By Martin Hodgson
Published: 18 December 2006 (来源：老牌的英语学习网站 http://www.EnglishCN.com)
Previous winners have included Adolf Hitler, Bill Gates and Ayatollah Khomeini. This year it was you.
Time magazine has named "You" as its Person of the Year in recognition of the way that ordinary internet users have revolutionised the media through blogs, file-sharing and websites such as Wikipedia, YouTube and Myspace.
"For seizing the reins of the global media, for founding and framing the new digital democracy, for working for nothing and beating the pros at their own game, Time's Person of the Year for 2006 is you," wrote the magazine's technology writer and book critic Lev Grossman.
"You" beat rival candidates including the Iranian President, Mahmoud Ahmadinejad, the Chinese President, Hu Jintao, the North Korean leader Kim Jong Il and James Baker, the former US secretary of state who co-chaired the Iraq Study Group.
By contributing articles, videos, and diary entries to user-generated websites, ordinary internet users have shown "a community and collaboration on a scale never seen before", wrote Grossman.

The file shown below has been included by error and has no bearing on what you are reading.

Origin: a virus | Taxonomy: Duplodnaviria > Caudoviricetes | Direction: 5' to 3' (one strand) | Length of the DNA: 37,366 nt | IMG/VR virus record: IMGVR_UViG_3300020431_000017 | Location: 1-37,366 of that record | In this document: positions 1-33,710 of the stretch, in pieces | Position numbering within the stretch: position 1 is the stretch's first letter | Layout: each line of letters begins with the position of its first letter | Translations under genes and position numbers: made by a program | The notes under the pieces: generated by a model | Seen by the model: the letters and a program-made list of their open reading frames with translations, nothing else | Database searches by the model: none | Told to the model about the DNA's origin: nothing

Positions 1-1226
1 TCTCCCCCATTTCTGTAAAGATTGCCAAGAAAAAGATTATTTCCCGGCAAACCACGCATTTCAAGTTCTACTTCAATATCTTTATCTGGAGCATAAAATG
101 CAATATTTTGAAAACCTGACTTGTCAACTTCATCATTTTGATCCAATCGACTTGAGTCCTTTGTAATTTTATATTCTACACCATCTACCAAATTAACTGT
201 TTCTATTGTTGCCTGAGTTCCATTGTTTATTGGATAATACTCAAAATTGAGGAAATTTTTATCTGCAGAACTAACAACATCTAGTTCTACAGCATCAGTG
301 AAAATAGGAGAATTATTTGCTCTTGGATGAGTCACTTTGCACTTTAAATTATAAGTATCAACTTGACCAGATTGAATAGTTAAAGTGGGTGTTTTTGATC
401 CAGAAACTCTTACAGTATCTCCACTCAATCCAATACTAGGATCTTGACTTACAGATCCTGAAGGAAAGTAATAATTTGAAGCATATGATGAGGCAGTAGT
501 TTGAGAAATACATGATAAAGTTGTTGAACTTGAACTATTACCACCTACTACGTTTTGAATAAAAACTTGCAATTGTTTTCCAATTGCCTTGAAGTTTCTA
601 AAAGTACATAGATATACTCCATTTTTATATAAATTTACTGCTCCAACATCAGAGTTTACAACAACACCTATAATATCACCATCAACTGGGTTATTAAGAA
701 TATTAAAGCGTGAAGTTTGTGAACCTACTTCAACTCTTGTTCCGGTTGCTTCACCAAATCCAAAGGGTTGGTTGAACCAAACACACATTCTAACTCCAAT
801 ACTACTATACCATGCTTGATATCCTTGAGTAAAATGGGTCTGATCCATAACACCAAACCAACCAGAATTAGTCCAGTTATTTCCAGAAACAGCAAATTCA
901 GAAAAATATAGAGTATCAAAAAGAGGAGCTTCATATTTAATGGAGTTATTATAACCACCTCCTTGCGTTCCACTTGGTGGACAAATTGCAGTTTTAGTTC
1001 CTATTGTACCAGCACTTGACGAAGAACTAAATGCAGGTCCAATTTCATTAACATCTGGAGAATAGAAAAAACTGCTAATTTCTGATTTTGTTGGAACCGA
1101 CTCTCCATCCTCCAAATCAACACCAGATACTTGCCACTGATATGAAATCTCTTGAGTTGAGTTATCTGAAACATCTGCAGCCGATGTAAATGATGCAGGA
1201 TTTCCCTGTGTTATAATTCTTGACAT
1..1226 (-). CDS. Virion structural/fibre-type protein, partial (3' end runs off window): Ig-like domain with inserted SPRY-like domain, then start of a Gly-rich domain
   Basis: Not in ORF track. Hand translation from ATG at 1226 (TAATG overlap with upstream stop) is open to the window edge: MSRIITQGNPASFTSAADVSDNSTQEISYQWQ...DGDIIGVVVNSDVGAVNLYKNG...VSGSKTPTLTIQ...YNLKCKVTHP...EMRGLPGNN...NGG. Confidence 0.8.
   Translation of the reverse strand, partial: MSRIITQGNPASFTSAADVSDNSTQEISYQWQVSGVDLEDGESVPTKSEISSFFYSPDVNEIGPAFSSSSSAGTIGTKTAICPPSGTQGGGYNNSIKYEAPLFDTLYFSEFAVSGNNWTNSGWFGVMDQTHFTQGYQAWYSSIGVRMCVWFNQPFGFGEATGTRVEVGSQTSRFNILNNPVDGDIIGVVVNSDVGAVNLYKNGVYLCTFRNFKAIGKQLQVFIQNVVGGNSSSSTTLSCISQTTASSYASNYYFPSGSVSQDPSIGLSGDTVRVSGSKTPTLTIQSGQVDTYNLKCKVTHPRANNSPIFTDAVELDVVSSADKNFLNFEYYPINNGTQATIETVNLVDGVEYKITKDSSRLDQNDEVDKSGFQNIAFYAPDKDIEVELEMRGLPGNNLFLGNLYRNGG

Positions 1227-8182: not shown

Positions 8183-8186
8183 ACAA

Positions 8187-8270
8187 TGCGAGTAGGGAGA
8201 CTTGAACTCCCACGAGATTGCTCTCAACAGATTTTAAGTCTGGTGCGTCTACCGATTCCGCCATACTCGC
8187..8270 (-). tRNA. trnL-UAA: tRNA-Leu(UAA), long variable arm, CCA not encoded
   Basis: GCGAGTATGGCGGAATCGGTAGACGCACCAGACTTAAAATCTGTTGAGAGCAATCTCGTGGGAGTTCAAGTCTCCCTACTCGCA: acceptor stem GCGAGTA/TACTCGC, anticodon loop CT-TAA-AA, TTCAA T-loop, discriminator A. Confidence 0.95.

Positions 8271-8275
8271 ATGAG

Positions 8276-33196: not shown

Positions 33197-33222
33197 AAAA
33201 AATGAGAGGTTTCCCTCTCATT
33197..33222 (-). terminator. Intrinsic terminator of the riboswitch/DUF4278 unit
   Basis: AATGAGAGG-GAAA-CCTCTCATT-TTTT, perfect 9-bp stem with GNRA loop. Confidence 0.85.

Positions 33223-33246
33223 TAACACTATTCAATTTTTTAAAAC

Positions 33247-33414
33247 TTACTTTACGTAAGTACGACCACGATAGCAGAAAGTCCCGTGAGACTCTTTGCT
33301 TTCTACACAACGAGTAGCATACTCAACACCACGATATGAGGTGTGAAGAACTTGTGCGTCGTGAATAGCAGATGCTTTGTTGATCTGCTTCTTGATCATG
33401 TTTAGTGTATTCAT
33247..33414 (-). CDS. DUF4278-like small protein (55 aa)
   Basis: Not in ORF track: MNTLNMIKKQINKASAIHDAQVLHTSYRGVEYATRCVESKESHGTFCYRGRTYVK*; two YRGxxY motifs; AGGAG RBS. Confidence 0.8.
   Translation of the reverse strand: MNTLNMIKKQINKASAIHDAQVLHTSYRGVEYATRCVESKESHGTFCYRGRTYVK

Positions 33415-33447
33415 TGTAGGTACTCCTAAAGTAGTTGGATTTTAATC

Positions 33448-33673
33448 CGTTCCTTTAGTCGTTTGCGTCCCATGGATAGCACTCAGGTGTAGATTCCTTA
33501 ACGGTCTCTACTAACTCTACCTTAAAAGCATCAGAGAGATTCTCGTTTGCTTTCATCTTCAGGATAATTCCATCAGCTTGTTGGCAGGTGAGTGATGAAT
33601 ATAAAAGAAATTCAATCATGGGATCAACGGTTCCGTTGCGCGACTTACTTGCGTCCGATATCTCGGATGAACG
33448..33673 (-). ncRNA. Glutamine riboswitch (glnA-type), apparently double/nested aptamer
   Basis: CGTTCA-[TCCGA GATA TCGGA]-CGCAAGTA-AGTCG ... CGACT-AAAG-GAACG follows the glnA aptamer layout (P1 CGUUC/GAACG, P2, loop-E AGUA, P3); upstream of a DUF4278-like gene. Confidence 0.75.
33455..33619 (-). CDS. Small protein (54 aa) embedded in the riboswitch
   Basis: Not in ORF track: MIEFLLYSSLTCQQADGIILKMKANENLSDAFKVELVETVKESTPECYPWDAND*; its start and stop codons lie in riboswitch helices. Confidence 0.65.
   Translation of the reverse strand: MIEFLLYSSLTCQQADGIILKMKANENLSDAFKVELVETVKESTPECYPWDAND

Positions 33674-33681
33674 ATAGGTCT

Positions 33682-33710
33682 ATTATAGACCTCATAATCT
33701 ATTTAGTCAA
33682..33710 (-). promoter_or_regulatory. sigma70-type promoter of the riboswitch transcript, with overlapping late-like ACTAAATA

"It's about the many wresting power from the few and helping one another for nothing and how that will not only change the world, but also change the way the world changes," he wrote .
MySpace - bought last year by Rupert Murdoch's News Corp for USD580m (297 pounds) - has more than 130 million users around the world and adds around 300,000 members a day, while YouTube - bought last month by Google for USD1.65 billion - gets about 100 million daily views. "These blogs and videos bring events to the rest of us in ways that are often more immediate and authentic than traditional media," wrote Time's editor, Richard Stengel.
"Journalists once had the exclusive province of taking people to places they'd never been. But now a mother in Baghdad with a videophone can let you see a roadside bombing or a patron in a nightclub can show you a racist rant by a famous comedian," he said.
Time has been naming its person of the year since 1927, often provoking controversy with its choice of winnner, such as Adolf Hitler in 1938 and Ayatollah Khomeini in 1979. Last year the joint winners were Bill and Melinda Gates and the U2 frontman, Bono.
The aim is to pick "the person or persons who most affected the news and our lives, for good or for ill, and embodied what was important about the year, for better or for worse".
The latest issue of the magazine, published today, features a mirror on the cover "because it literally reflects the idea that you, not us, are transforming the information age," said Mr Stengel.
from : news.independent.co.uk